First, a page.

Many of the conversations I have had with my clients and prospects lately seem to all steer towards the same pain point – returns management. Even some of the largest retailers in the world that have mastered the fulfillment process still struggle with handling returns. Why you may ask? There are many complex decisions that need to be made in order to effectively manage the returns process flow.
The first decision is around the general returns policy. Although these seem like simple decisions, they can drastically impact a customer’s buying decision. Take Costco for example. Costco has one of the most generous returns policies in the retail world. Because of Costco’s relaxed return policy, customers have more confidence in buying product from them. Now, not every retailer can afford to offer the generous returns policy of Costco where you can return almost any item in any condition at any time if you are unsatisfied. Most retailers have a return window of 60-90 days that allow you to return product with a receipt for verification. You must perform the proper analysis to decide the best return policy that works for you and your customers.
A lot of retailers today are also covering the cost of returning an item to make the process simpler and cost-free for the customer. By including a return label and a clearly stated returns process in the initial shipment, a retailer can eliminate the need for the customer to call a service center. This decision comes at a cost, but can often impact a customer’s buying decision. If they know that they can order an item online and easily return it, it will create a sense of comfort during the purchase process. A personal example that comes to mind involves buying shoes online. Shoes used to be something I would buy at a brick-and-mortar store, no matter what. A new pair of shoes is something I needed to try on and walk around in before buying. If I ordered these online and they didn’t fit, I would need to return them and not only pay for the process but also, deal with figuring out how to actually do the return. Today, I have confidence in buying shoes online because I know that I will be given directions to a simple returns process that is of no cost to me.
Now that I have gotten a pair of shoes online, I try them on and they don’t fit. What happens if I need the right-fitting pair that day? You may have heard of a concept called BORIS (buy online, return in store). This allows customers to walk into a store and return/exchange items that they have bought from any channel. BORIS is an important piece of implementing a true Omni-channel experience for customers. If retailers can ship a customer product from any location, why should they only be able to return through one channel?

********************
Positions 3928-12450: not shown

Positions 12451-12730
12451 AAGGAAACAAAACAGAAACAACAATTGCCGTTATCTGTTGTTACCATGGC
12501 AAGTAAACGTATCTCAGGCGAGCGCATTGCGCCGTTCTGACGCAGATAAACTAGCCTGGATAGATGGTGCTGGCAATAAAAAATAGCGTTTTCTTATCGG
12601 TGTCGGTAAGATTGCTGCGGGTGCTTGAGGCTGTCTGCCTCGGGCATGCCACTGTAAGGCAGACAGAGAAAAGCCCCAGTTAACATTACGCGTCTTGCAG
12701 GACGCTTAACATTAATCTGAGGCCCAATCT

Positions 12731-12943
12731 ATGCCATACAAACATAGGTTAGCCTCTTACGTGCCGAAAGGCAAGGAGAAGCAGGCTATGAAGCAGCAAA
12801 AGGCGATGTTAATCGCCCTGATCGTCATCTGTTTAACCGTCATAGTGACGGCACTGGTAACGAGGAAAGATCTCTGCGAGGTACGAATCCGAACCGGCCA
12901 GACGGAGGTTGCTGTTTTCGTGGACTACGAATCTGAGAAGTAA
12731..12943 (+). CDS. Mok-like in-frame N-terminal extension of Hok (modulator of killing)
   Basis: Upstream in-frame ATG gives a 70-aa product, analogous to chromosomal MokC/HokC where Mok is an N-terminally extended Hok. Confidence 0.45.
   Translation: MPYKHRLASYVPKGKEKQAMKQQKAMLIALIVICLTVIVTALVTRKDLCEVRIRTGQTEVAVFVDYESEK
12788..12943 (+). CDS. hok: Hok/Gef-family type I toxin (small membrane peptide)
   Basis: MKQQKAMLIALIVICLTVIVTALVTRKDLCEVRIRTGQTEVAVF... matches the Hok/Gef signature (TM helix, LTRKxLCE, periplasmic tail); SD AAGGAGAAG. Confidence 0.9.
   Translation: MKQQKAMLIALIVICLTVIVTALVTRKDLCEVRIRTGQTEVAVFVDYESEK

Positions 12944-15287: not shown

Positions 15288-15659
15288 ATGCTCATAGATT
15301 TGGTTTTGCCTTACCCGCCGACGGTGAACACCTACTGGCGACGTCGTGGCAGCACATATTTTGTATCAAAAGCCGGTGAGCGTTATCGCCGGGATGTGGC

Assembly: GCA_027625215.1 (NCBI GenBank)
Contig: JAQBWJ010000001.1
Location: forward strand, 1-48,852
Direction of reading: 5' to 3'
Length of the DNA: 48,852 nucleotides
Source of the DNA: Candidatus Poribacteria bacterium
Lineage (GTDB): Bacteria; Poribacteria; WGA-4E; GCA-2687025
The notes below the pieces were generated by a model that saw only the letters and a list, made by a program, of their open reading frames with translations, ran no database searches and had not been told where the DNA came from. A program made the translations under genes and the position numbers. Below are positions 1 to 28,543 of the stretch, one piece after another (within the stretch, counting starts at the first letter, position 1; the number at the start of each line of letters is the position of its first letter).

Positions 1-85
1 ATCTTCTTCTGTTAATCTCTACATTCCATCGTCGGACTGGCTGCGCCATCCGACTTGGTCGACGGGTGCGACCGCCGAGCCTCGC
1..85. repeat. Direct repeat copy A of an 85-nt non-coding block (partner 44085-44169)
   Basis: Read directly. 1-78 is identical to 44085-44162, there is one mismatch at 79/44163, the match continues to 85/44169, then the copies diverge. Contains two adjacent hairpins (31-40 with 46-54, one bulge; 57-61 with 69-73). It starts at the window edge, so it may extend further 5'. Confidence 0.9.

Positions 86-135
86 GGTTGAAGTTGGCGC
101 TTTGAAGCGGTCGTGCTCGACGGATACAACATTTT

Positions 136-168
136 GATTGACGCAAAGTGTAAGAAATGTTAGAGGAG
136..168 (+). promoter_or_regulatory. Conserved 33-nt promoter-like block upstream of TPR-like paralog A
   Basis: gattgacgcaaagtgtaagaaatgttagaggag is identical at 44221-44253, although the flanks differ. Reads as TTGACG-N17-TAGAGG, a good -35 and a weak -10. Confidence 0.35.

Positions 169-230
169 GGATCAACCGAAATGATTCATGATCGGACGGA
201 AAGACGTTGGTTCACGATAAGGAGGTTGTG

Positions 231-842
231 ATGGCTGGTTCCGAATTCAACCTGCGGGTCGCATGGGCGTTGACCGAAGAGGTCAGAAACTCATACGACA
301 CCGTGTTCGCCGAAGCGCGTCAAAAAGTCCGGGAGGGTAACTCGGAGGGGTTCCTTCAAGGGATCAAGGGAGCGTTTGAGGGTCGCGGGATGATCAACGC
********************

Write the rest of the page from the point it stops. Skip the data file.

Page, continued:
Another difficult decision that retailers face during the returns process is how and when to refund the customer. I have seen stricter policies in which the product has to be physically received and inspected before any refund is generated for the customer. I have also seen the opposite, in which the retailer will refund the customer before the return is even shipped back. It all depends on the type of customer, product, and return policy. Have you thought about what how strict or relaxed you would want your return policy to be?
The final obstacle after the product is returned is determining what to do with the actual product. Does the returned product go back to stock? Does it get scrapped? What happens in the case of an exchange? All of these decisions need to be made inside the distribution center or in the store that a customer returns product to. This is all while the location is trying to focus on moving product outbound to new customer orders. At this point, decisions become complex. You want to provide the best experience to your customer but don’t want to sacrifice on profit. Serious consideration in all different angles must be given when evaluating your choices.
The returns process is often overlooked, but one of the most important parts of the supply chain. It completes the cycle of purchasing and if done wrong can cause complex disruptions to your supply chain. There are many tough decisions that go into returns management however, we are here to help! Bricz can assist retailers to make educated, data-driven decisions while also considering the business impact. Don’t overlook a key piece of your supply chain, contact us today to discuss your options.
Contributor: Kevin Quigley